One day as I started to drive out of the parking lot at the store I saw Mr. Adams come around the corner. Just at that time a small puppy hardly bigger than my hand ran under my car. I called to Mr. Adams to please help get it out. He said “no way” that if he did I would leave him holding that little dog. I saw that if it was to be it would be up to me. I picked up the puppy and attempted to give it to someone, and no one would take it. I must say that I fell in love with that little bit of dog, so I brought him home.
I named him “Troubles,” and how fitting a name that turned out to be. For starters, he ate the shoes off the feet of my elderly yardman as he knelt to pull weeds out of my flowerbeds. The shoes dropped off his heel and Troubles got a good start chewing the back off the shoes. He also ate the yardman’s straw hat. Later, he got under the house and managed to pull the wires that connected to our floor furnace controls loose from the electric switch. No heat!! I summoned an electrician. Three times Troubles did the same damage. The third time the electrician refused to come back again. He said to get rid of the dog. I just changed electricians. Now all these items were in addition to the canned food that we bought for him, and even some table scraps.
The day of Janet Allen’s wedding, as we were dressing to attend, a sudden storm came up with thunder and lightning. Lightning struck a pine tree and came down, and the ball of fire went round our cyclone fence that encircled our back yard. Troubles tried to outrun the ball of fire, howling at the top of his lungs. He was simply scared out of his wits. Thereafter, when it even rained if a leaf drifted down he would go “amuck.” He never got over his fear of storms.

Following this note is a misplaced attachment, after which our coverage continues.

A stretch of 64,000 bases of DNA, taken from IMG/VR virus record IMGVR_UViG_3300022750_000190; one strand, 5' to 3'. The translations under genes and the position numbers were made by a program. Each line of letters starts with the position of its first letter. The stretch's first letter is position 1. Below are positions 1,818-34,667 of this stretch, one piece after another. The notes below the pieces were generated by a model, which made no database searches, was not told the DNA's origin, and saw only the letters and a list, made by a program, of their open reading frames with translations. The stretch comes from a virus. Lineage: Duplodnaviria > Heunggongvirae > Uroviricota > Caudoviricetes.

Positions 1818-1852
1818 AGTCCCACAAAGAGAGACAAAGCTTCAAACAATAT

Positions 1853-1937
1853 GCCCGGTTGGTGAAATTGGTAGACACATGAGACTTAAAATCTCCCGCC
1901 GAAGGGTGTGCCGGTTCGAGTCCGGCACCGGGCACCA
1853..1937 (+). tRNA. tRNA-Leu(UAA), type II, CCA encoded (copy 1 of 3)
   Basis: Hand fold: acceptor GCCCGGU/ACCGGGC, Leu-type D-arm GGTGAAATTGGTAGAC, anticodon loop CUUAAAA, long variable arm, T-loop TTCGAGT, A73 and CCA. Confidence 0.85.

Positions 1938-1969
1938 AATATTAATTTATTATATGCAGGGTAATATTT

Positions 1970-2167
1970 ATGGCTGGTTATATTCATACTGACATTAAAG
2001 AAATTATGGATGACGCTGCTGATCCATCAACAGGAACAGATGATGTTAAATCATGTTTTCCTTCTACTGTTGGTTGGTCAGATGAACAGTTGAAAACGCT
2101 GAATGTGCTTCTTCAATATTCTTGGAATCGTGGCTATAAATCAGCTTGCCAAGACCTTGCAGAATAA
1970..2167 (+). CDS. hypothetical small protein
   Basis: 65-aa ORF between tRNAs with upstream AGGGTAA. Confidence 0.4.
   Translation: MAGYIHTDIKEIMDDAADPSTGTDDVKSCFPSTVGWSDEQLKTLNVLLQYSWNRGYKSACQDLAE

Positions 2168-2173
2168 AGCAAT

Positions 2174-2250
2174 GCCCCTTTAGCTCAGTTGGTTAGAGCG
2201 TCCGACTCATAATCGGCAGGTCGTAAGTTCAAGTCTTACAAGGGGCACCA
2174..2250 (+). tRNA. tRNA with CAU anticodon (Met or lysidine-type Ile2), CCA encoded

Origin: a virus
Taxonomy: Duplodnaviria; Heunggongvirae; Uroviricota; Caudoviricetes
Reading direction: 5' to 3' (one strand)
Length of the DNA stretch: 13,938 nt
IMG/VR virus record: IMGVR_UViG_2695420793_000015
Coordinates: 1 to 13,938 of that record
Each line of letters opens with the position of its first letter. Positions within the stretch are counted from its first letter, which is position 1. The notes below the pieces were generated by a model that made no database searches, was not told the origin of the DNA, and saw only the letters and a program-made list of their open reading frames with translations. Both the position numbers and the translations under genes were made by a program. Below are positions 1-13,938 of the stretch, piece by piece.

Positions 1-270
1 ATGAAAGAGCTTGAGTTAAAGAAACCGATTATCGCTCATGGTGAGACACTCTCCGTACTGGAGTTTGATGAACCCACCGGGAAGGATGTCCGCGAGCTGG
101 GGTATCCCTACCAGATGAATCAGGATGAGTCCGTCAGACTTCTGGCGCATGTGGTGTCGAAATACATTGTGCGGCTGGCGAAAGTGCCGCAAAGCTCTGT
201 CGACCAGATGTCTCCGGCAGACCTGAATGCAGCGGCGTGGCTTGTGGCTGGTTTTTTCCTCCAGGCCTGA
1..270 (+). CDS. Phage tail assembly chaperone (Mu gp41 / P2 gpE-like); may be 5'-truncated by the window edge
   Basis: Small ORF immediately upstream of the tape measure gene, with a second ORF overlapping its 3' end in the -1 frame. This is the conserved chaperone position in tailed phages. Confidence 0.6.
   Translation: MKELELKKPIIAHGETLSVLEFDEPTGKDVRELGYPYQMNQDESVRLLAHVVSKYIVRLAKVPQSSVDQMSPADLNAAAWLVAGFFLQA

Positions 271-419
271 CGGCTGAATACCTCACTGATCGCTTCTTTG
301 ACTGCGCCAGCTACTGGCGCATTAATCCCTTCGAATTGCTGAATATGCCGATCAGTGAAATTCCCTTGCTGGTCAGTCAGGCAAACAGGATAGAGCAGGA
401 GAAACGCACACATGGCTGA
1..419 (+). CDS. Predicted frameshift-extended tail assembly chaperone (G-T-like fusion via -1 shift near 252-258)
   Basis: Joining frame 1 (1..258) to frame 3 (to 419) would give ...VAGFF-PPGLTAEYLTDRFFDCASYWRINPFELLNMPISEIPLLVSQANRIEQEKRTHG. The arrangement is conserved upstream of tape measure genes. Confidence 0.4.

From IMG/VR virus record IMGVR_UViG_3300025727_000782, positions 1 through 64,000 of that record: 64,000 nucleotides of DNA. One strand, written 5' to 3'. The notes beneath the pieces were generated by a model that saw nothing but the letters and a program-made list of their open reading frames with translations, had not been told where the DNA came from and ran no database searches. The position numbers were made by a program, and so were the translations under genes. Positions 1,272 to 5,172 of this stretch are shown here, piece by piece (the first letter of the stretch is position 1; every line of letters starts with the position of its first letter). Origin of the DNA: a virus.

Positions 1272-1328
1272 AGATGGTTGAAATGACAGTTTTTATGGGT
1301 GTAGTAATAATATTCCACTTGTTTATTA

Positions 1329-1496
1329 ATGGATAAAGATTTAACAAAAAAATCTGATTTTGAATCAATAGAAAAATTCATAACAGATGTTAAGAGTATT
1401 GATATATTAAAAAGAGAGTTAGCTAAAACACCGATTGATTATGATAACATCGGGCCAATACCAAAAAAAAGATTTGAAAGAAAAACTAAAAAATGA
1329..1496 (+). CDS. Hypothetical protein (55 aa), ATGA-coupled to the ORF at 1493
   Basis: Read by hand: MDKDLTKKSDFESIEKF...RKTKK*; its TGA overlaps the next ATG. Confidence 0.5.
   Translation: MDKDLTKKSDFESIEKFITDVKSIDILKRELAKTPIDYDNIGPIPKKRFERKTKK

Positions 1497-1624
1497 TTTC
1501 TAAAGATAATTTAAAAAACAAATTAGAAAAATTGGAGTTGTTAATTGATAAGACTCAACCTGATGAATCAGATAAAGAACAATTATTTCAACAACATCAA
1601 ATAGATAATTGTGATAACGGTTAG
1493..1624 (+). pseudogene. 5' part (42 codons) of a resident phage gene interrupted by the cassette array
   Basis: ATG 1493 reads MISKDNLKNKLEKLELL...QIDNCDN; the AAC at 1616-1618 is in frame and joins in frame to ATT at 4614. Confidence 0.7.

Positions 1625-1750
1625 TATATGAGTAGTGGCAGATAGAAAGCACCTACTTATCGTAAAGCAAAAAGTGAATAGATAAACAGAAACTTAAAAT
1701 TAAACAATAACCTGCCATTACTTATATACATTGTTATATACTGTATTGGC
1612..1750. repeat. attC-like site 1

We had Troubles for many years and he was nothing but trouble. One day as we lighted our Arkla Gas Grill to barbecue he ate the whole box of matches before we noticed he had them.
As you have gathered by my story I had fallen in love with that miserable piece of dog flesh and I would not consider giving him away. He loved our family just as much as we loved him.
I started out writing about the old Piggly Wiggly store and got sidetracked. I suppose you might say this column went to the dogs.
Today the Minden Press Herald is on the site of that old store. It had extensive remodeling and decorating. I still remember the old Piggly Wiggly and I cannot forget Troubles. It seems that Piggly Wiggly and Troubles just go together.
Well, I suppose at my age I should be glad that I can remember any of this. But do I have to bore you with it? Hope you have happy memories, too, as I do!
Juanita Agan submitted a weekly column to the Press-Herald for more than 15 years until her death in 2008. She was a resident of Minden since 1935. The Press-Herald is republishing select articles from Mrs. Agan’s Cameos column every Wednesday.